Why Do Travellers From Spain To The UK Now Have To Quarantine?

Why Do Travellers From Spain To The UK Now Have To Quarantine?

This weekend, the UK government announced that it was removing Spain from the travel corridor list, which means that travellers returning to the UK must now self-isolate for 14 days.

The news has come as a shock for a lot of holiday makers, who had already rearranged their travel plans in line with the governments previous recommendations regarding where was safe to travel as we move into the various stages of lockdown.

Since Spain started to emerge from lockdown on 21 June, the number coronavirus cases in the country have surged, with the health ministry logging nearly 1,000 new infections a day at the end of last week. 

It is this rise in cases which has caused the government to take this action, with this decision also being backed up by genetic analysis of coronavirus circulating in the UK.

It’s important to note that one reason scientists are advising for this approach is due to ministers failure to appreciate the extent of Britain’s epidemic back in March, as thousands of COVID-19 cases arrived unnoticed from Europe, with more than a third coming from Spain.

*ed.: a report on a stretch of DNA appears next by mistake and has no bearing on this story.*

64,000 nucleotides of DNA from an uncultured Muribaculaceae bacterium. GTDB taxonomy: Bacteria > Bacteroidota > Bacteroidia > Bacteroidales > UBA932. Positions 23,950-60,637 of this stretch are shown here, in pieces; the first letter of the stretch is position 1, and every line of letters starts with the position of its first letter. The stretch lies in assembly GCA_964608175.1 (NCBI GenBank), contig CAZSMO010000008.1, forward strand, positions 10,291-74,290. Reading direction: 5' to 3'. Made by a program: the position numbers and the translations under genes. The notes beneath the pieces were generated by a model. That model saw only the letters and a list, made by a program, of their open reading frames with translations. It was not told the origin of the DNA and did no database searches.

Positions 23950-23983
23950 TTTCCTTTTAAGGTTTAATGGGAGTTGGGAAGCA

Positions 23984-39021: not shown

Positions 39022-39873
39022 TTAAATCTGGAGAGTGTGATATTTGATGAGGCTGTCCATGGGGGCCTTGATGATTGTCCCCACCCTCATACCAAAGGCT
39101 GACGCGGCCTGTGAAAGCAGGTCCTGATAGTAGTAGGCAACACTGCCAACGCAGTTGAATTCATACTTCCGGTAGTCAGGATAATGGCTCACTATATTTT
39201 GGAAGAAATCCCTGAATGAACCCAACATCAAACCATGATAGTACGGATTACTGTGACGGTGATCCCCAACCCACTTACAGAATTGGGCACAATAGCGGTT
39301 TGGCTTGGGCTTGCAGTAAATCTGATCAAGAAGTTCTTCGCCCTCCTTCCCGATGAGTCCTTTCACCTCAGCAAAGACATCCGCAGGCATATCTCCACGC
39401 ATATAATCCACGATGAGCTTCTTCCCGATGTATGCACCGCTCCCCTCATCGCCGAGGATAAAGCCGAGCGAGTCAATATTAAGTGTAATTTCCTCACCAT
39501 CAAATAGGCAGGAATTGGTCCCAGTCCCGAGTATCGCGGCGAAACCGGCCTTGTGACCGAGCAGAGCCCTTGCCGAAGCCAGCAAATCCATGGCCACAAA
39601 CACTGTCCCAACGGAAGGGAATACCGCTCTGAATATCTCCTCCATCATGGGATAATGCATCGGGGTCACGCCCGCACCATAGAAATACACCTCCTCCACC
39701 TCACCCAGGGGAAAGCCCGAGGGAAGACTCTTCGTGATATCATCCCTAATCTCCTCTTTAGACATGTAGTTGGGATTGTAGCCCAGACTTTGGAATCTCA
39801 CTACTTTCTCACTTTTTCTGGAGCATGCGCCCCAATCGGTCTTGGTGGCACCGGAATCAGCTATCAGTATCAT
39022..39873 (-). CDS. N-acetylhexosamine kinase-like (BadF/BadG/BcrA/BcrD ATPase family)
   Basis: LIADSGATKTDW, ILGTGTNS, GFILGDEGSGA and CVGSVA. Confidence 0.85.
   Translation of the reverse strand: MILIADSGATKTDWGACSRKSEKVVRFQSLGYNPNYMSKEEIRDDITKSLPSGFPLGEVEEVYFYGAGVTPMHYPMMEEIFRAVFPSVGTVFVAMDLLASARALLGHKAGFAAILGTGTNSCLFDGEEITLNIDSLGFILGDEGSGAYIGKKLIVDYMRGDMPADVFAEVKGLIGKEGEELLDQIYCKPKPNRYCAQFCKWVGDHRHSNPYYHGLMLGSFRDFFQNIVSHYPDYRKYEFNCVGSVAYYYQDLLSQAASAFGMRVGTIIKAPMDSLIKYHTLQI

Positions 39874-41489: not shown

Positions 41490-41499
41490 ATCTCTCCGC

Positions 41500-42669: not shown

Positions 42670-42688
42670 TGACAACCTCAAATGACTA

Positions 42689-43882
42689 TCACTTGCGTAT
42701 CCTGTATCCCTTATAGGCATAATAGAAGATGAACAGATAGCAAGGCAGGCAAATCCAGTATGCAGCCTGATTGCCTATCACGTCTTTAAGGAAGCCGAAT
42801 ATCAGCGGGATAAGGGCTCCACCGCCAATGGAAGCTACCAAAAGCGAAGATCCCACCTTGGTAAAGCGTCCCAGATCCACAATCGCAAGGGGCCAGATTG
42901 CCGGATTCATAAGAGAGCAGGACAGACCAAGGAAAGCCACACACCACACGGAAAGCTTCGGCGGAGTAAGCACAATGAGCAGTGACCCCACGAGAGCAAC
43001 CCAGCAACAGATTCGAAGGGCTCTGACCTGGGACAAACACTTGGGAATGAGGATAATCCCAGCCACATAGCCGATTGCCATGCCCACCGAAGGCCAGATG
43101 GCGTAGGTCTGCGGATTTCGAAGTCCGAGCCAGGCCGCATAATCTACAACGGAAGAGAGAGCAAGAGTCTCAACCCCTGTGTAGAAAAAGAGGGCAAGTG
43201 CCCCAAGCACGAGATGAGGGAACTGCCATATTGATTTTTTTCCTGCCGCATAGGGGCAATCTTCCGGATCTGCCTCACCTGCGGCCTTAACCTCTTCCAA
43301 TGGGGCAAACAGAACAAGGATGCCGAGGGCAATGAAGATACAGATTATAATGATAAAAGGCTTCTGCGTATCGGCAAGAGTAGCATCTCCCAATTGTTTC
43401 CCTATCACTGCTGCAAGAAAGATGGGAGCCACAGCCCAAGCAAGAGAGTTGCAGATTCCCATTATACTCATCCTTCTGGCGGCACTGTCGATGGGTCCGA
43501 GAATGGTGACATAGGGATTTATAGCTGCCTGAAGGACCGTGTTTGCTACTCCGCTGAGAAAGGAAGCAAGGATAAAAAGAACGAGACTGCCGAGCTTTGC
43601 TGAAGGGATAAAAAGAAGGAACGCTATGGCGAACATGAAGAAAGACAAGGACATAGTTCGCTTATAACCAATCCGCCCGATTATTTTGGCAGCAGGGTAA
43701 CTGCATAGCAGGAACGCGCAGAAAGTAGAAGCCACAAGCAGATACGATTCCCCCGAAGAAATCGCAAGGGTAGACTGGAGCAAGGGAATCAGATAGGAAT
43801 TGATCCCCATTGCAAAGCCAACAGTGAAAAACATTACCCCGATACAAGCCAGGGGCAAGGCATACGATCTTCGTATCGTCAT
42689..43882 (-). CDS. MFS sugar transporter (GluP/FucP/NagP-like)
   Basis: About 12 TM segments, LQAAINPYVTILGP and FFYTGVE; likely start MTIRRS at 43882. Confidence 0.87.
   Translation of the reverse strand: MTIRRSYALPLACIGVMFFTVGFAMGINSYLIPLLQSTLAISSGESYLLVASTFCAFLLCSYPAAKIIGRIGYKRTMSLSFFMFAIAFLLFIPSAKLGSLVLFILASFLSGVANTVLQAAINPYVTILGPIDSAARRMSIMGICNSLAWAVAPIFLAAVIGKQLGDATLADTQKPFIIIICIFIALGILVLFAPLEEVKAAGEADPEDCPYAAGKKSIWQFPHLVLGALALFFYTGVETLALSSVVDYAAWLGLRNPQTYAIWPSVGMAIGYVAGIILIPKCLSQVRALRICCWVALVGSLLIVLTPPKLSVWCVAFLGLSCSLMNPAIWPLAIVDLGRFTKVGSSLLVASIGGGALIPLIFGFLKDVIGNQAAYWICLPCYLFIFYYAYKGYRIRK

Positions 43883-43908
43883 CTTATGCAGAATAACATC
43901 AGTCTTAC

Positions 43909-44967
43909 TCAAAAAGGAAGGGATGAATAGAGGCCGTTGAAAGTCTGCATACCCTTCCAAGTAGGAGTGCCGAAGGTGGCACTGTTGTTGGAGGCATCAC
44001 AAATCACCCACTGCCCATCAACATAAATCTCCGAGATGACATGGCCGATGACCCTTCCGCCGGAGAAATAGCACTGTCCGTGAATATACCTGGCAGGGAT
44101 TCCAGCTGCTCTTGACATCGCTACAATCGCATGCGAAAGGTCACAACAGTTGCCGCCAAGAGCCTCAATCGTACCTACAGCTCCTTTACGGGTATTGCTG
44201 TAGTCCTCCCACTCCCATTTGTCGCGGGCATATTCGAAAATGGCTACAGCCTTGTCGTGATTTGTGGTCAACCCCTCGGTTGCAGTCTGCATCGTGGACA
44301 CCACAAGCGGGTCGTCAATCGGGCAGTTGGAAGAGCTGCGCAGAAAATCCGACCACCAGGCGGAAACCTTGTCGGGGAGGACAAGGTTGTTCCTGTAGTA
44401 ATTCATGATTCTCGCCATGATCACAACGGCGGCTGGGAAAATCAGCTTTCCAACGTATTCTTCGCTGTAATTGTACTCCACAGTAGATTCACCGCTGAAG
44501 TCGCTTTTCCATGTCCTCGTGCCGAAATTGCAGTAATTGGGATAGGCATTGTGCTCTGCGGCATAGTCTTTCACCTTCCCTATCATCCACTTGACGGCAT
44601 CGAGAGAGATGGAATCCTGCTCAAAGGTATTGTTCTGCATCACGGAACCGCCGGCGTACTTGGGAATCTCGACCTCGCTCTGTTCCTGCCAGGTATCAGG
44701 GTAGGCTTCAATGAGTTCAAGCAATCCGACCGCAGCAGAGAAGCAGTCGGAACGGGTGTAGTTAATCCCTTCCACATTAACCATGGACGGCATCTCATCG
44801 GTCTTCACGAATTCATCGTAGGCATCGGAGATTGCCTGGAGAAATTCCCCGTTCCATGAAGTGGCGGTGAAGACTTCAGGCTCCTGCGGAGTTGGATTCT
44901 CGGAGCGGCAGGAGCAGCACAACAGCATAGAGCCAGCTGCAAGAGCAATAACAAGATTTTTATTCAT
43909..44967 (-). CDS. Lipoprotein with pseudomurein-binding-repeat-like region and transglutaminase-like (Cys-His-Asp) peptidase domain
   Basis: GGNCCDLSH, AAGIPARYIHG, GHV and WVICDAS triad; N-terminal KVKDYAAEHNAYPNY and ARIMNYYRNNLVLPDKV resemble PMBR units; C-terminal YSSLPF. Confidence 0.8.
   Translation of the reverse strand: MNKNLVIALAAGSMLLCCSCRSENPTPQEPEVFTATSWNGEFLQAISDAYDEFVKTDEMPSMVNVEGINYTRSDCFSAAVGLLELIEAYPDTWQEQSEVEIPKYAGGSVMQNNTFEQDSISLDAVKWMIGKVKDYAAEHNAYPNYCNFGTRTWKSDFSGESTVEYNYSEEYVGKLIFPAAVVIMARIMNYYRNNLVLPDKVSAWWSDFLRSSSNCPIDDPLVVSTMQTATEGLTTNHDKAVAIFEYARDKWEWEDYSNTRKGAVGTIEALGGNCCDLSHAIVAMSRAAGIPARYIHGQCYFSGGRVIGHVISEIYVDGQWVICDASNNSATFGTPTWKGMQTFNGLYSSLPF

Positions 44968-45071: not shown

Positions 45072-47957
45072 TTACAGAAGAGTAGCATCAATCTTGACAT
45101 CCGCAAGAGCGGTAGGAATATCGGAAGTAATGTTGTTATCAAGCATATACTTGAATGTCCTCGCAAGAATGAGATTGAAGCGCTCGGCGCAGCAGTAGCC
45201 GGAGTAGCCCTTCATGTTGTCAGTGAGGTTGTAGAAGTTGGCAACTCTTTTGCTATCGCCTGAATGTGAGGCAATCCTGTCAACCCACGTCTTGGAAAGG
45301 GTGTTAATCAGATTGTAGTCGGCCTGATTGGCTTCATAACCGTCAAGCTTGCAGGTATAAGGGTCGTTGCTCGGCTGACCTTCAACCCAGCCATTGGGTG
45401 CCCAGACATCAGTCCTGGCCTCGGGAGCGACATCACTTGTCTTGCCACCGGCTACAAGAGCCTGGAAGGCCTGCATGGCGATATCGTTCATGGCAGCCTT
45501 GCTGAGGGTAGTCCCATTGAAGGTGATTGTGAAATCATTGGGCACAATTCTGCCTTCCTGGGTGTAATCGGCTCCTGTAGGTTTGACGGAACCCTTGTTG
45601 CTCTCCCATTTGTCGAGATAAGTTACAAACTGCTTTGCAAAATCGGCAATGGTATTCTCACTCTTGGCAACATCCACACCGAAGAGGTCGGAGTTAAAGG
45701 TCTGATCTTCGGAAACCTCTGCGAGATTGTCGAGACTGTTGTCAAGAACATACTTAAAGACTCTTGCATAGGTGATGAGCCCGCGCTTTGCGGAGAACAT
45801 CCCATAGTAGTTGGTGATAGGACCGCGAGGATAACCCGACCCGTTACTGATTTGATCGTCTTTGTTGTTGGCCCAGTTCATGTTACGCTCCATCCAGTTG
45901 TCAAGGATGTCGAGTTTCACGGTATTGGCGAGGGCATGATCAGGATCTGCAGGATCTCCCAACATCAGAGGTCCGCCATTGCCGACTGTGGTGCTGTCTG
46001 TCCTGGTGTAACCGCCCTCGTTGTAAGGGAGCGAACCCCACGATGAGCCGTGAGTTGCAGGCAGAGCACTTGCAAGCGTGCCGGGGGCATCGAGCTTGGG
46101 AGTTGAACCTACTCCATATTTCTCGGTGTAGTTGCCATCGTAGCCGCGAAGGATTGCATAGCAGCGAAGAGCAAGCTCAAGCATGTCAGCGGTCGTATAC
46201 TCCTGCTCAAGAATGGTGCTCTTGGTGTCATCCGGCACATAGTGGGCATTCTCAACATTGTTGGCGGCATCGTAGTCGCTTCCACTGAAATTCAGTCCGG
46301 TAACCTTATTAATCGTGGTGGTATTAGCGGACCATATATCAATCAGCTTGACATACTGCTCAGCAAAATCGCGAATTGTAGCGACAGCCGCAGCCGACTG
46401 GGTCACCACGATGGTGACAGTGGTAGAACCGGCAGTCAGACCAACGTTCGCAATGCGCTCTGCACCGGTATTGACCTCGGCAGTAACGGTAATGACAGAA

What to do if you’re currently on holiday in Spain:

For those who have already travelled to Spain, they should follow local rules to prevent the spread of Covid-19. However, given the rise in cases in the country, they will have to quarantine for a fortnight when they return, whether they are coming from mainland Spain, the Canary Islands or the Balearic Islands.

What if you are due to travel soon?

The Foreign and Commonwealth Office has advised against all non-essential travel to mainland Spain from Saturday 24 July.

While the Balearic and Canary Islands are included in the new quarantine rules, at the time of the announcement, the islands were exempt from the FCO advice. This situation could change at short notice, however.